October 23, 2021

Coronavirus briefs 7/17

Metro Creative Graphics

Cortland County reports 4 new cases

Cortland County reported four new confirmed COVID-19 cases Thursday, increasing the number of confirmed cases to 67 — 17 new cases since July 3.

In all, 395 cases have been confirmed and five people have died in Cayuga, Tompkins and Cortland counties.

The Cortland County Health Department was monitoring 70 patients, 10 of them confirmed positive. None is hospitalized, although six have been. The Cortland County Health Department has received 10,467 negative test results. Fifty-seven people have recovered. The county has reported no deaths.

Tompkins County reported no new cases Wednesday, the number remaining at 198, according to the state Health Department. A total of 23,358 people were tested as of Wednesday. Two people have died.

The Cayuga County Health Department did not issue a report Wednesday. As of Monday, the last day it gave a report, the county had 130 confirmed cases. Three people have died. Thirty-one people have been quarantined; two are in isolation and 14,756 people have been tested.

Insurer gives $170K to CNY food bank

Excellus BlueCross Blue Shield will give $170,000 to the Food Bank of Central New York to help feed people in financial difficulty because of the coronavirus pandemic.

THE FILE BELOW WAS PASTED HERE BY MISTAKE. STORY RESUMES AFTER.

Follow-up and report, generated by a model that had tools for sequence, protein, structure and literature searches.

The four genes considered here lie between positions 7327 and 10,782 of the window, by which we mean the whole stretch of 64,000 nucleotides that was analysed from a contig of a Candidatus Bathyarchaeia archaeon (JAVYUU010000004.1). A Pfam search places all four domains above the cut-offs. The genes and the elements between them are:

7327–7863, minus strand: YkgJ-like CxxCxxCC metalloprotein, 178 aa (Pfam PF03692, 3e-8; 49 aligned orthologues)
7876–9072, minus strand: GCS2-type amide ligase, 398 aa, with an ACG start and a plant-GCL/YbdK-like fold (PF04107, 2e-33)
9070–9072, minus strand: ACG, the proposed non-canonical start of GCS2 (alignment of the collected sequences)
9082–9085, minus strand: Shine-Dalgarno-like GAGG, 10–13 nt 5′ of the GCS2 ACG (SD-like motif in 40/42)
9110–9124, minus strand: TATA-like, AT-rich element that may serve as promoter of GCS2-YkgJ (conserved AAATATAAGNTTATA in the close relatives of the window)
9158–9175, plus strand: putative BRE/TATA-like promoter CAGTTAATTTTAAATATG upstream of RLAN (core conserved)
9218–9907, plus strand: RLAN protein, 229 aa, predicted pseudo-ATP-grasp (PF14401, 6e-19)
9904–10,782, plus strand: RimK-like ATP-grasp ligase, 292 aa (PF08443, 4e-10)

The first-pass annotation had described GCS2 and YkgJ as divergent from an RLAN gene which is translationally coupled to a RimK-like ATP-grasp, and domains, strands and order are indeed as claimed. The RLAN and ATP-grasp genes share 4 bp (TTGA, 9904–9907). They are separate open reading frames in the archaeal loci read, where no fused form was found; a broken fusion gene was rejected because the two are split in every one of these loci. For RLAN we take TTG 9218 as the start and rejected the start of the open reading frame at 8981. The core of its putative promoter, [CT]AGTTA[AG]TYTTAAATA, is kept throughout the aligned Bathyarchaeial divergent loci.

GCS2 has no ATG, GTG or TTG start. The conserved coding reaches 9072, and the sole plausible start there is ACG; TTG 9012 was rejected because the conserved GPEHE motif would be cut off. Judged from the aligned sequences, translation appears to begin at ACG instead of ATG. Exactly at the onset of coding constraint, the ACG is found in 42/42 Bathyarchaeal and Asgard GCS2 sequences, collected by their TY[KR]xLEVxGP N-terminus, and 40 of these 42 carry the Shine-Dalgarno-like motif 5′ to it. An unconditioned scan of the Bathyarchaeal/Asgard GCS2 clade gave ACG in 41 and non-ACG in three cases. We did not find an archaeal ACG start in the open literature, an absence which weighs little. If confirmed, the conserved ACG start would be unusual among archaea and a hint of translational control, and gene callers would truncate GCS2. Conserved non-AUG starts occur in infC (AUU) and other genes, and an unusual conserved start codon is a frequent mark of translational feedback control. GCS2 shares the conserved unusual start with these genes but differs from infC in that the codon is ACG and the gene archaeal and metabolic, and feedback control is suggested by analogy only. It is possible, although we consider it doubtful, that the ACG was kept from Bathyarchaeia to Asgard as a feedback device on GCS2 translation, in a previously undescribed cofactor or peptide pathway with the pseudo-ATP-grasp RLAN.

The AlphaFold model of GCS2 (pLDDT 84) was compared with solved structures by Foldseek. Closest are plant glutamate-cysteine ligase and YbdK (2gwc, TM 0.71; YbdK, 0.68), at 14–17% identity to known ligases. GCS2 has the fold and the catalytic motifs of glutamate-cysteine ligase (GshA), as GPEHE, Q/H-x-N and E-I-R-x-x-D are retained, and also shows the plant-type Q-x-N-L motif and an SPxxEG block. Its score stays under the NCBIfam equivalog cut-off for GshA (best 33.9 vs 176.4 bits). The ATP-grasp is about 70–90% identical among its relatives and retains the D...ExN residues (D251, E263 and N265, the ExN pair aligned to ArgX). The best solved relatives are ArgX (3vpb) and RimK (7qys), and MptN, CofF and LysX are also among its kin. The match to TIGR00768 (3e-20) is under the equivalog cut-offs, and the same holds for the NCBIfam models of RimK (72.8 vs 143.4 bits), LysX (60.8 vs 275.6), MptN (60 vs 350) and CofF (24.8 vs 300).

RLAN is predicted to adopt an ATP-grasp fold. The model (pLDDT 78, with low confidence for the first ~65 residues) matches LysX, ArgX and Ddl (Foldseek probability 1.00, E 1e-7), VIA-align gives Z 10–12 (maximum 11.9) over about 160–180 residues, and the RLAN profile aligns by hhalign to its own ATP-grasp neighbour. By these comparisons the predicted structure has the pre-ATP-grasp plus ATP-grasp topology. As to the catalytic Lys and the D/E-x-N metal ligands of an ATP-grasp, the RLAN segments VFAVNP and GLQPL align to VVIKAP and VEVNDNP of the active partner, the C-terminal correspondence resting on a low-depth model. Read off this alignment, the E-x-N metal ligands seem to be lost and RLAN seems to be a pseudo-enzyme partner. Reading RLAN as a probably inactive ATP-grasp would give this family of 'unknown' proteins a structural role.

“The ability to earn a paycheck and feed a family are at risk for many people because of the coronavirus and its impact on the economy,” said Excellus BCBS Regional President Mark Muthumbi in a release Thursday. “A growing number of people in our community are facing food insecurity. Good health begins with good food.”

The $170,000 is part of a $600,000 donation across a 39-county upstate service area. Of that $170,000, $105,000 will be focused on Cortland, Cayuga, Onondaga, Oswego and Chenango counties.

“We are thrilled to partner with Excellus BlueCross BlueShield,” said Karen Belcher, interim executive director at Food Bank of Central New York.

Before the COVID-19 outbreak, nearly 14 percent of New York households faced hunger, and at least 1 million New York children lived in households that did not have regular and consistent access to food, reports the New York State Anti-Hunger Task Force.